(((My time here in Lubbock has been good and has been helpful as I reflect on my life both as Chris Lake and Pastor Lake. The theme of my sabbatical is H.O.P.E. Health (mental, emotional, spiritual and physical), Optimism, Passion, and Enthusiasm which is a nice way of saying the church wants a happy pastor when I get back. I can appreciate that. I want to be happy and passionate when I return as well. My fear was that that would not happen while I was on sabbatical but I can already tell that this is not going to be the case.
During my time at Gloria Dei Lutheran where I was confirmed and grew up I was reminded how passionate I am about ministry and the joy that comes from sharing those passions with other people. I truly enjoyed retelling the stories of my own congregation and some of things we have done and currently working on. I am so very proud of the work we have done and am now wondering what our next steps should be?
Also while I stayed with friends I was reminded about how much I miss being just Chris Lake. This does not mean that I forget my pastor side. In fact I rather enjoyed using my pastoral prowless to make jokes that only a pastor would dare to make. While walking around one night in Ransom Canyon (yes that is a real place) which is located near my home town I shared something irreverent that may the friends with me laugh and slightly gasp. They forgive me though because I am pastor. Pretty cool perk, but it also was fun to be able to say things and not have to worry about the ramifications. So often when I write a sermon, think about a response, or have to come up with something to say I have to seek out a polished set of words. However being in Lubbock with folks who knew me longer as Chris Lake than Pastor Lake is refreshing. Don’t get me wrong I like who I am. Its just fun to dance with my identity from a different point of view.
In addition I have already come up with an idea I picked up from my chemistry teacher who volunteers at his church in retirement. I’ll save it for when I am home but the fact that I clung to the idea as it was mentioned in passing was a small indicator that my pastor instincts are always looking for new ideas.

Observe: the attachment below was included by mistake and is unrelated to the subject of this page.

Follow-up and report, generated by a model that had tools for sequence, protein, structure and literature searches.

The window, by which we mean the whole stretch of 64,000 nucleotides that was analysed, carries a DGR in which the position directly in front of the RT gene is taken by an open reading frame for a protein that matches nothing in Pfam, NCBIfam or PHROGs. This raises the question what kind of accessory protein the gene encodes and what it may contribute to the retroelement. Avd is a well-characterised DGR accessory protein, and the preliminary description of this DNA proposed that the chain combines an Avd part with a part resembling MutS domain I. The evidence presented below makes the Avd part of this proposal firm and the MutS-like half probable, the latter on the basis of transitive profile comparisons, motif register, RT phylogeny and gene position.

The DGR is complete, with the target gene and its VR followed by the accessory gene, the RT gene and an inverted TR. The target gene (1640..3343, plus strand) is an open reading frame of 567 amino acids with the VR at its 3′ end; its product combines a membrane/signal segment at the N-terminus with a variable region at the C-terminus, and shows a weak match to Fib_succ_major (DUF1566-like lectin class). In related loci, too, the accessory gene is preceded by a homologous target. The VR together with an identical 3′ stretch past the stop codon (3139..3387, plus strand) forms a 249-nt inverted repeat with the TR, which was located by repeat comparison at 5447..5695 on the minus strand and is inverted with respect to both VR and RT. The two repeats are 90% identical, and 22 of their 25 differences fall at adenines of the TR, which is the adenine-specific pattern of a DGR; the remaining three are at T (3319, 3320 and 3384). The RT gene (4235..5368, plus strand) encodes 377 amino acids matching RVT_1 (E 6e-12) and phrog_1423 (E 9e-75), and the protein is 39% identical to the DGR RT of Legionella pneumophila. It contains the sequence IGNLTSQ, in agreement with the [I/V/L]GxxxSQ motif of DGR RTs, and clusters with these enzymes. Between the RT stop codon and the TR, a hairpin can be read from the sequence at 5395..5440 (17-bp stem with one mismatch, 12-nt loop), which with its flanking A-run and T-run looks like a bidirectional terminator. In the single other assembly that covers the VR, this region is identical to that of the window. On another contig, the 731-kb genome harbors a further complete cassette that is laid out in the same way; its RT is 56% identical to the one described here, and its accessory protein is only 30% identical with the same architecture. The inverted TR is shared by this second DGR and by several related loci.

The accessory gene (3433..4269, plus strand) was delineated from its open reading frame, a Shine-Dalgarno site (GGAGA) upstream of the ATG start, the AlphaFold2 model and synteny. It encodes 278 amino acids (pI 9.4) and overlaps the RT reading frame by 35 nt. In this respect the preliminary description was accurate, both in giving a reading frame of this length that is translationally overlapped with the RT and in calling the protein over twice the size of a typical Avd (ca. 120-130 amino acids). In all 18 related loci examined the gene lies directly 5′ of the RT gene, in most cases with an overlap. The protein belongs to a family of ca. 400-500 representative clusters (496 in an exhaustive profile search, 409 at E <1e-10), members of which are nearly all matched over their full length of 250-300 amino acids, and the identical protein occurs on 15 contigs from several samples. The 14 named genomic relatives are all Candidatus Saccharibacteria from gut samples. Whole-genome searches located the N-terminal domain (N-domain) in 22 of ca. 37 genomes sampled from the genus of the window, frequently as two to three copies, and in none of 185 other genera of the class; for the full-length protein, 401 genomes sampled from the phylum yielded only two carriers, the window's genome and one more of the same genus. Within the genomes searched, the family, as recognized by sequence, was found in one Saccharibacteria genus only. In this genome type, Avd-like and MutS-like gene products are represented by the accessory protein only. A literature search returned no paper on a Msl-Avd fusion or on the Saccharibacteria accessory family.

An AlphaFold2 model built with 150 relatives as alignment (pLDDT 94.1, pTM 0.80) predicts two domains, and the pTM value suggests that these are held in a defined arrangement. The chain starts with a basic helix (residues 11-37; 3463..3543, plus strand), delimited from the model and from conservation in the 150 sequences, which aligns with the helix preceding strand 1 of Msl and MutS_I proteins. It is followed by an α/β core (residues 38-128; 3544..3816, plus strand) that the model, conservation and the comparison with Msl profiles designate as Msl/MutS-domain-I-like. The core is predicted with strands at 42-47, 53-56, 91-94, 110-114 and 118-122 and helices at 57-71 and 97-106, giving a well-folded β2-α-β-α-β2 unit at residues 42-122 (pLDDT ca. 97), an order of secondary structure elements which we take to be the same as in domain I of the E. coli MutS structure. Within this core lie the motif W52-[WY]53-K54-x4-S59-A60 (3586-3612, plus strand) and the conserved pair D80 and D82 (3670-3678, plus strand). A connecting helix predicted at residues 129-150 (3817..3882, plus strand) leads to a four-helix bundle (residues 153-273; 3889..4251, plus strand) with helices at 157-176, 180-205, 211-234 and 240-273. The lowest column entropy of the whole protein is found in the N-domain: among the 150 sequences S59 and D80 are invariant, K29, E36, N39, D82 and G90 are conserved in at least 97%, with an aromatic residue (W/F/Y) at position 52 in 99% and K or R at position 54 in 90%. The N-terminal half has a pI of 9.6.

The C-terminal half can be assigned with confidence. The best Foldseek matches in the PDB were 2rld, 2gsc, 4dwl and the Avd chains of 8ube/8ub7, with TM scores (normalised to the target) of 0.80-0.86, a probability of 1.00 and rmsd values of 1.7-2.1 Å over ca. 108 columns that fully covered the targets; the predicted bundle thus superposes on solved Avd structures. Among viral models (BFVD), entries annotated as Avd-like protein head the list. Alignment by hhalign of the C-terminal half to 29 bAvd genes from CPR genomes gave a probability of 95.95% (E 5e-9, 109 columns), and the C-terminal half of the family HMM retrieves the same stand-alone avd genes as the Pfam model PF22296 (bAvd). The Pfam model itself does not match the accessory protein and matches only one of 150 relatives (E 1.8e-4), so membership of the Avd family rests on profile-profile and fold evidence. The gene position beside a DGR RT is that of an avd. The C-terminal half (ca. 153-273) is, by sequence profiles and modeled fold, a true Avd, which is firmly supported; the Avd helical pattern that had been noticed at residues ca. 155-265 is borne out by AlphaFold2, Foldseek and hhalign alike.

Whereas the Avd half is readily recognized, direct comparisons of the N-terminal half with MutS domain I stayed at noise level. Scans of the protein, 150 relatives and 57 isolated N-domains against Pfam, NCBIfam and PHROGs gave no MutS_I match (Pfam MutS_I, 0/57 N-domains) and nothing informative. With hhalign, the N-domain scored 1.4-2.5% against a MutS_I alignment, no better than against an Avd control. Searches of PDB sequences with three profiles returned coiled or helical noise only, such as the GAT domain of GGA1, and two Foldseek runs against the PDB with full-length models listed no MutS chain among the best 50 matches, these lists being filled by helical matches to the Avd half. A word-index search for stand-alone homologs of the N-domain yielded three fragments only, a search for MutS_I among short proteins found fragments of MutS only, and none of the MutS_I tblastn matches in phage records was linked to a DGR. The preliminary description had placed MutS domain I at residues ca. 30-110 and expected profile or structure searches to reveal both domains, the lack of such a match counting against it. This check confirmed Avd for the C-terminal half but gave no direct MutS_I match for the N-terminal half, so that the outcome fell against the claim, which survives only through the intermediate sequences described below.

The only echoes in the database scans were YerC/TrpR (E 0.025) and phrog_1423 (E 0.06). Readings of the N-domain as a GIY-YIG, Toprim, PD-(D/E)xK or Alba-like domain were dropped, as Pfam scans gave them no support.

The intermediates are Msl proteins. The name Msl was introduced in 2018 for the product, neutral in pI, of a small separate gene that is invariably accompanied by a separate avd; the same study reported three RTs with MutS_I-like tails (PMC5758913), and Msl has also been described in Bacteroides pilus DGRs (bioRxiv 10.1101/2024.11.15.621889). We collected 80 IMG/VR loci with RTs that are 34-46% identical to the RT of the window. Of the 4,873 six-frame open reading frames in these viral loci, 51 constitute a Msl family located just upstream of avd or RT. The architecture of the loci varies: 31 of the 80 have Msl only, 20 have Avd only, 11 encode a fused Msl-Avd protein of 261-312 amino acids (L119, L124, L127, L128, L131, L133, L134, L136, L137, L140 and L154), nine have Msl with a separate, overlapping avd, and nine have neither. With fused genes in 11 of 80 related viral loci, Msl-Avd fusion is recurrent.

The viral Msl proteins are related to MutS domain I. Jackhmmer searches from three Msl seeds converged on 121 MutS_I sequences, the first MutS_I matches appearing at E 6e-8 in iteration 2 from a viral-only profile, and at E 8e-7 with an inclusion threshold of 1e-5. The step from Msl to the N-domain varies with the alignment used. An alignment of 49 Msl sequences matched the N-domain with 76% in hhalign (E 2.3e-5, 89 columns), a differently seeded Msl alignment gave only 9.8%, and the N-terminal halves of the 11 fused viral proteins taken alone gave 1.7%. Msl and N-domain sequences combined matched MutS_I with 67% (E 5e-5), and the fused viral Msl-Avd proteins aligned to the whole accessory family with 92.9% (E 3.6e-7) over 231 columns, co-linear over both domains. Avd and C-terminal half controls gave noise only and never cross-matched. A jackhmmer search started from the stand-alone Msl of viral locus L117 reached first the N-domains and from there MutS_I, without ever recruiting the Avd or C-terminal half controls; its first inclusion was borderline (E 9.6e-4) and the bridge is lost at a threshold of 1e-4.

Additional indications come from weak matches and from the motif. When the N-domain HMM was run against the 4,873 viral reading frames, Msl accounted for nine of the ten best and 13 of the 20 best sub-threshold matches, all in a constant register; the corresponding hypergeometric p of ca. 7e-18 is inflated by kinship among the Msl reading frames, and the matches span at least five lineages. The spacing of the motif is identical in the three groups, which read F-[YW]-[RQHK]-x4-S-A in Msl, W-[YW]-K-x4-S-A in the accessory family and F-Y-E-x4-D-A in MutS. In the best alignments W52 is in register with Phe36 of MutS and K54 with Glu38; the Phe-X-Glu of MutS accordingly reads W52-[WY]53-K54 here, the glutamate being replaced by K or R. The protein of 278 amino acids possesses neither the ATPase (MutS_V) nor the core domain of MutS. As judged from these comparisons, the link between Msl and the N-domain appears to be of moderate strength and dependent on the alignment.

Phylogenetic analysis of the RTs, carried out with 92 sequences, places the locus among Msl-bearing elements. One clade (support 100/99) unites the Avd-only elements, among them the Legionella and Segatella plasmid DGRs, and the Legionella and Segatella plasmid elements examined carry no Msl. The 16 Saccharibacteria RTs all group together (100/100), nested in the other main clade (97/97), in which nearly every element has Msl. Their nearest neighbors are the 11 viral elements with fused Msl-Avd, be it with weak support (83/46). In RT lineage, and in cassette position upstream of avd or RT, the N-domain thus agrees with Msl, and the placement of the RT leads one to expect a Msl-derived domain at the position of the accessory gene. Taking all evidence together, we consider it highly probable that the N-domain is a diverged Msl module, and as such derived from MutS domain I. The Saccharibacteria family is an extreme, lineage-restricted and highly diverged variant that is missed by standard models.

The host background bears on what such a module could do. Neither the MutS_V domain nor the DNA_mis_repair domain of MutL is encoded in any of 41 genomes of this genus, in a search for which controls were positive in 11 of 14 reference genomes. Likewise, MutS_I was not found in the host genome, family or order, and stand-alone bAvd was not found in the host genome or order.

I am just about done here in Lubbock and it was been so enjoyable. I am so thankful for all the time I have spent here and the conversations I have had with folks. Thank you to Aunt Connie Goodwin, my new friend Ryan Phillips and my God parents Richard and Becky Peterson for giving me a place to stay, amazing conversation and helping me understand who I am in a much deeper level.
Tomorrow I get on a plane and fly to Knoxville, TN and spend time with Bob Stelter who has been one of my oldest mentors. I should also add that I miss my family something terrible and I can’t wait to be back with them. I am so grateful to Katherine for her love and support while I take this adventure. None of this would be possible with out you.
Lydia of Thyatira is a woman mentioned in the New Testament who is regarded as the first documented convert to Christianity in Europe. A modern outdoor chapel on what is said to be the site where Lydia was baptized.
Lydia’s Conversion in Philippi
Acts 16: 11 From Troas we put out to sea and sailed straight for Samothrace, and the next day we went on to Neapolis. 12 From there we traveled to Philippi, a Roman colony and the leading city of that district[a] of Macedonia. And we stayed there several days. 13 On the Sabbath we went outside the city gate to the river, where we expected to find a place of prayer. We sat down and began to speak to the women who had gathered there. 14 One of those listening was a woman from the city of Thyatira named Lydia, a dealer in purple cloth. She was a worshiper of God. The Lord opened her heart to respond to Paul’s message. 15 When she and the members of her household were baptized, she invited us to her home. “If you consider me a believer in the Lord,” she said, “come and stay at my house.” And she persuaded us.
Philippi Ruins. 1
Philippi Ruins. 2 (baptismal)
Actually it was not. It was more likely a cistern.
A few more ruins after the 4th century. There were no crosses as art before that.